This is a model called the tragedy of the
commons. Which should be called the problem with open access, since it has little to
do with a commons. And tragedy is a kind of dramatic.
Let’s say there’s some land with grass on it that people use as pasture for their animals.
Nobody owns it and anyone can come and graze their livestock here. We’re assuming that
people don’t communicate or work together. So we would call this an open access field.
Let’s assume the number of animals this field can feed is based on the quantity and quality
of the grass, which is based on the health of the soil and it can only hold this many
animals. This is the carrying capacity.
If animals are added beyond this, the grass can’t re-grow fast enough to support them
all. Also the grass protects the soil from erosion.
If too many animals are around eating the field may decline in productivity lowering
the carrying capacity. The animals will be less healthy and provide
lesser quality products lowering the profit each animal provides.
So it’s in this group’s best interest to keep the number of animals on the field at or below
the carrying capacity. But every herdsman that puts animals on the
field will get the direct benefit that that animal provides for them. But they would only
share a portion of the costs of the degraded field.
If the field were at carrying capacity and a herdsmen decides to add an extra animal.
The added animals takes some of the food that would have gone to the others. This reduces
their value. The owner of that additional animal comes out ahead because even though
all his animals also are less healthy, he has more of them. But each herdsmen acts under
these incentives and will keep adding animals to their herd or let their animals graze longer,
so long as it’s profitable to themselves. But really they are all losing out. Kind of
like the prisoner’s dilemma. Contrast this to a situation where one person
owns it. If they add extra animal, they’re only hurting themselves so they don’t do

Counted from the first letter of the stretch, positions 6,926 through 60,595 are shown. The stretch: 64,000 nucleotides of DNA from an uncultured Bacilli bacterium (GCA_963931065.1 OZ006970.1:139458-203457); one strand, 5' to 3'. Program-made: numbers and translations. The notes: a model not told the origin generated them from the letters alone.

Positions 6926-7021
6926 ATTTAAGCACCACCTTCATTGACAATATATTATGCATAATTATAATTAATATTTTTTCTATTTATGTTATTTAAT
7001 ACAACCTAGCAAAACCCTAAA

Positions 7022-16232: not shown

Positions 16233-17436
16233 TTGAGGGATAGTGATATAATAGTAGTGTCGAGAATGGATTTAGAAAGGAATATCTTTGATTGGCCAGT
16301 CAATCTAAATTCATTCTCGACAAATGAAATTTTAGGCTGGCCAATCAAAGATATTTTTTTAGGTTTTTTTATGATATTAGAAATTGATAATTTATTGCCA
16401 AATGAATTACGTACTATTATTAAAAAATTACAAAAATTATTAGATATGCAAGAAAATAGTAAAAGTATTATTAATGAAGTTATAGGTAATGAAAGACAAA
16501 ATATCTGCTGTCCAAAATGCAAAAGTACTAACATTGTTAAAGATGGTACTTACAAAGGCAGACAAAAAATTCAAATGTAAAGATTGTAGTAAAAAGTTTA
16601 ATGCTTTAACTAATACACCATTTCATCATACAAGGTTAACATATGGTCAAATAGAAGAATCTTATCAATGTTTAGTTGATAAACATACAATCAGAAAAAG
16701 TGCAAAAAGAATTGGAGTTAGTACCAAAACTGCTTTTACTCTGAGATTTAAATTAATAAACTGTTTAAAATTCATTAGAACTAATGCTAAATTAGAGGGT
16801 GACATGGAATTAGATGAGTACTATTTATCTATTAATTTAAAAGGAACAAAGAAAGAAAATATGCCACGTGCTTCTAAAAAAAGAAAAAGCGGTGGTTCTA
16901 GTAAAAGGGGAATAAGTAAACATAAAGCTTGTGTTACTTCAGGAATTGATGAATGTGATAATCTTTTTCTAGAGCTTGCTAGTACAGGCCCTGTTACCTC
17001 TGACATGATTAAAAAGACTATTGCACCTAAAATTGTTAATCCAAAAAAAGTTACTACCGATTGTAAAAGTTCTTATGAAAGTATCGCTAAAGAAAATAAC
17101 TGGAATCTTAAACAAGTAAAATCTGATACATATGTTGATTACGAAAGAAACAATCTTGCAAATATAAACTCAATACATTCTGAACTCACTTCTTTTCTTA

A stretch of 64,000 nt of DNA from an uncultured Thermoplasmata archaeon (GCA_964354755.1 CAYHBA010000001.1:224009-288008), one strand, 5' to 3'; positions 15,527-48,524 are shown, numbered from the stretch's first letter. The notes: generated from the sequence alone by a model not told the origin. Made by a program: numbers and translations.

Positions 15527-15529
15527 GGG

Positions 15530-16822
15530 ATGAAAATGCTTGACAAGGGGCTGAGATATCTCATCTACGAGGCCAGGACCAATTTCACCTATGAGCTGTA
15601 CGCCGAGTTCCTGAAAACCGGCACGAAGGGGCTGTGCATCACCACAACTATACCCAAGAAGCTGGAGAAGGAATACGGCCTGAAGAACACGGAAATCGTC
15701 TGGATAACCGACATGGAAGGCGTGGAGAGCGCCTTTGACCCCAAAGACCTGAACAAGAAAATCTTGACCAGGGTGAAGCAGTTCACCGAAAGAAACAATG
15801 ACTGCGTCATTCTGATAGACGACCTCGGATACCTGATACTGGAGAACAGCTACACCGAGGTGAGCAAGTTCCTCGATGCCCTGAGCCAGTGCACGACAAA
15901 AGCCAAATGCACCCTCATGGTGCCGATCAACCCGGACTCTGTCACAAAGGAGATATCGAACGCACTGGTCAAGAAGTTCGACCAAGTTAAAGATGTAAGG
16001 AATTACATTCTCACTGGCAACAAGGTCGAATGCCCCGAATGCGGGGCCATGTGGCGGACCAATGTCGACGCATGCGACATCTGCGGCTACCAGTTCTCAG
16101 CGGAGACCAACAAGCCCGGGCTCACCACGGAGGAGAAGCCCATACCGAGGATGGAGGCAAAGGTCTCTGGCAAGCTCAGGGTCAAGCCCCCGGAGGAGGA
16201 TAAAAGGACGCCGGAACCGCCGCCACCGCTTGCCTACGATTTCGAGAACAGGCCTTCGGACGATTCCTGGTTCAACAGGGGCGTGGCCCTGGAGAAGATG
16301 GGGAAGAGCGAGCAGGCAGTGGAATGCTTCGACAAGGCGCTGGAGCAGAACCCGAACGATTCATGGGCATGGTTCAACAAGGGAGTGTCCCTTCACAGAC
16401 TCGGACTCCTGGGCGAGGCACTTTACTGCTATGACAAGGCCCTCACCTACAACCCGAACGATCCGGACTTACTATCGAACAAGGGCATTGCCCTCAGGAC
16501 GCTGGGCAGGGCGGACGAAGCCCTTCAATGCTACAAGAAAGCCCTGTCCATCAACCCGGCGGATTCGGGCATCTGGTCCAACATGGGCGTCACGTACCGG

it. Since new people can’t be excluded from using
the field, there’s almost no point in boycotting use because someone else could just come in.
None of the herdsmen own the field and they can see the field may not be around forever.
They see no point in conservation and just try to use it before someone else does.
OK so we go on to can apply this model to unregulated open access fisheries, open access
forests, an unregulated college dorm dish sink.
But the problem with applying this model to the real world, is that we have to assume,
among other things, that people don’t communicate or work together.
Which isn’t true…. With a field like this, people will generally
get together and make plans together and make plans about its use. They may act as a single
unit, or just partition it sections, and they’ll regulate the number of people that can use
it. And if people are working together and communicating
then it’s not really open access. It’s not like every management situation
is open access until somebody does something about it.
So you don’t tend to see the open access problem because people don’t work together.
You tend to see it in situations where people can’t work together.
The open access problem tends to appear not where people don’t communicate or don’t
work together, but where they can’t communicate or can’t work together.
Sometimes people are forced into a situation where they’re not allowed to work together.
Check out this video. Also the larger the management area is the
more difficult communication and influencing each other becomes. For example the global
management of greenhouse gas emissions tends to take on some open access properties.
Basically this model is a way of communicating that: when people can’t work together
on a resource you call it open access… and it’s bad. Which is why the model should
have been called, the problem with open access. This episode is brought to you by, Hardin’s
canned animal meat. Now orphan free.